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The plaintiff has the burden to prove each element of a negligence claim arising out of lead paint exposure.  In many cases, the plaintiff in a Maryland personal injury case will have an expert testify to assist the jury in understanding the evidence or determining a fact at issue.  In a July 31, 2018 lead paint case, the Court of Appeals of Maryland considered whether a medical study cited by an expert provided a sufficient factual basis for his testimony.  The court also addressed whether an expert could offer an opinion on specific causation by relying on medical study data along with an individualized analysis of the plaintiff’s injuries.The plaintiff in the case sued the owners of a residential property, alleging that his injuries, including mental and attention deficits, were caused by exposure to deteriorating lead paint at the property.  At trial, the parties agreed that, due to the defendants’ negligence, the plaintiff was exposed to lead paint and that the exposure was the cause of the plaintiff’s elevated blood lead levels.  The remaining questions for the jury were whether the lead exposure caused an injury to the plaintiff and, if so, the amount of damages.  The jury returned a verdict in favor of the plaintiff and awarded approximately $1.3 million in damages.  The defendants subsequently filed an appeal, arguing that the plaintiff had not sufficiently proven that his alleged injuries resulted in any damages.  The plaintiff contended that the testimony of his expert witnesses satisfied his burden of proof.

In Maryland, an expert’s opinion must be based on facts that sufficiently indicate the use of reliable principles and methodology, which thus support the expert’s conclusions.  The expert must also have a rational explanation for how the factual data led to the expert’s conclusion. On appeal, the court examined the medical studies used by the plaintiff’s experts.  The first expert used medical studies that examined the relationship between ADHD and lead exposure.  The court found that the studies indicated an association between the two, but not causation.  This was significant, since it led the court to conclude that the expert’s testimony suffered from an analytical gap by overstating the known effects of lead exposure.  Lacking a scientific basis, the expert’s testimony was therefore inadmissible.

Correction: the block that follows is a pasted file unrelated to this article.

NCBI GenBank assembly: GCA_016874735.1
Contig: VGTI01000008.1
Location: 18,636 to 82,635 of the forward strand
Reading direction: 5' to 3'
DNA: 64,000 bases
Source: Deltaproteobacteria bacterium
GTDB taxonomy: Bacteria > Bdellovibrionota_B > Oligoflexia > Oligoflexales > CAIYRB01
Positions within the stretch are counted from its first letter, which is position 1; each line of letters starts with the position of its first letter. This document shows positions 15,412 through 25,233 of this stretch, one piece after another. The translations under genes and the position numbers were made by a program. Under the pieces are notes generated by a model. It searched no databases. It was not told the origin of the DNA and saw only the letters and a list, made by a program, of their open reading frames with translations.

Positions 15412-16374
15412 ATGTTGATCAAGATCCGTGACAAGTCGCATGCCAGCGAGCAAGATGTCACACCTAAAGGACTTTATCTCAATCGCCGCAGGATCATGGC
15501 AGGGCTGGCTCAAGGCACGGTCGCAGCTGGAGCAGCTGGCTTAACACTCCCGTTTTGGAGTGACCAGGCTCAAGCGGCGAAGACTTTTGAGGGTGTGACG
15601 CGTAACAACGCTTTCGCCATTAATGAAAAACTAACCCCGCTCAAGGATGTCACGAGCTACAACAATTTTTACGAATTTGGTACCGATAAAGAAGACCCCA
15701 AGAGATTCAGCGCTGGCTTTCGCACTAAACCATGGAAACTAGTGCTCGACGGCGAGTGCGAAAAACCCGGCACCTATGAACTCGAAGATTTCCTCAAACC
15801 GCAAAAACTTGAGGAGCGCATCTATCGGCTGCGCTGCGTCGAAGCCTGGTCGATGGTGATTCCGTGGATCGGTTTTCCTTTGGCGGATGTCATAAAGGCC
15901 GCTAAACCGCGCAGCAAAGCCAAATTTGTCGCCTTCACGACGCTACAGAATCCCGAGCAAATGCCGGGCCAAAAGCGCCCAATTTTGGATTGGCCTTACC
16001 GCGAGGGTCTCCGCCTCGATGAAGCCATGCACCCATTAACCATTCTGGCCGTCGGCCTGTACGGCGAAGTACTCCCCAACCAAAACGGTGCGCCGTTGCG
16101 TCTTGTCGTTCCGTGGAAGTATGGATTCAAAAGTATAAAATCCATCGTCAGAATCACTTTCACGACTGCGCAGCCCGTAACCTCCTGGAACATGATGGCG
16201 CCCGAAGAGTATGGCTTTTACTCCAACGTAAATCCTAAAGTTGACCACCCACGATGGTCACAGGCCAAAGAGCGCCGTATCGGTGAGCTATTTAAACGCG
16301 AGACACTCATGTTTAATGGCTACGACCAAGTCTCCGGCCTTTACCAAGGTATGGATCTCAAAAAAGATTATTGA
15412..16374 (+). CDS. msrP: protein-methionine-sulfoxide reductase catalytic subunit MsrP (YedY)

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In some Maryland negligence cases, it is difficult to determine exactly how the victim’s personal injury occurred.  Legal recourse may nevertheless be possible under the doctrine of res ipsa loquitur if the jury could infer that negligence on the part of the defendant was more probable than not responsible for the victim’s injury.  The Court of Special Appeals of Maryland addressed whether the doctrine of res ipsa loquitur applied in a June 25, 2018 case involving an escalator injury.

The plaintiff in the case was using the escalator in a department store in the mall.  She was injured when the escalator stopped suddenly.  The plaintiff brought suit against the companies which owned, operated, and/or maintained the escalator.  However, the lower court granted the defendants’ motion for summary judgment because the plaintiff failed to designate an expert witness on the issue of liability.  The plaintiff appealed, contending that, as she had met her burden to apply the doctrine of res ipsa loquitur, expert testimony was unnecessary.

In Maryland, a plaintiff seeking to rely on the doctrine of res ipsa loquitur must establish that the accident was one that does not ordinarily occur absent negligence, that the accident was caused by an instrumentality exclusively within the defendant’s control, and the accident was not caused by an act or omission of the plaintiff.  If the plaintiff can prove these elements, then the issue of negligence may be presented to a jury, which may then choose to infer a defendant’s negligence without the aid of any direct evidence.

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If you are seeking compensation from the person responsible for your injuries, fair legal proceedings are important.  An experienced Maryland car accident attorney can assert your rights at trial by objecting to the submission of prejudicial evidence.  As demonstrated in a May 18, 2018 car accident case, the admission of certain documents and testimony in a jury trial could have a significant impact on the outcome.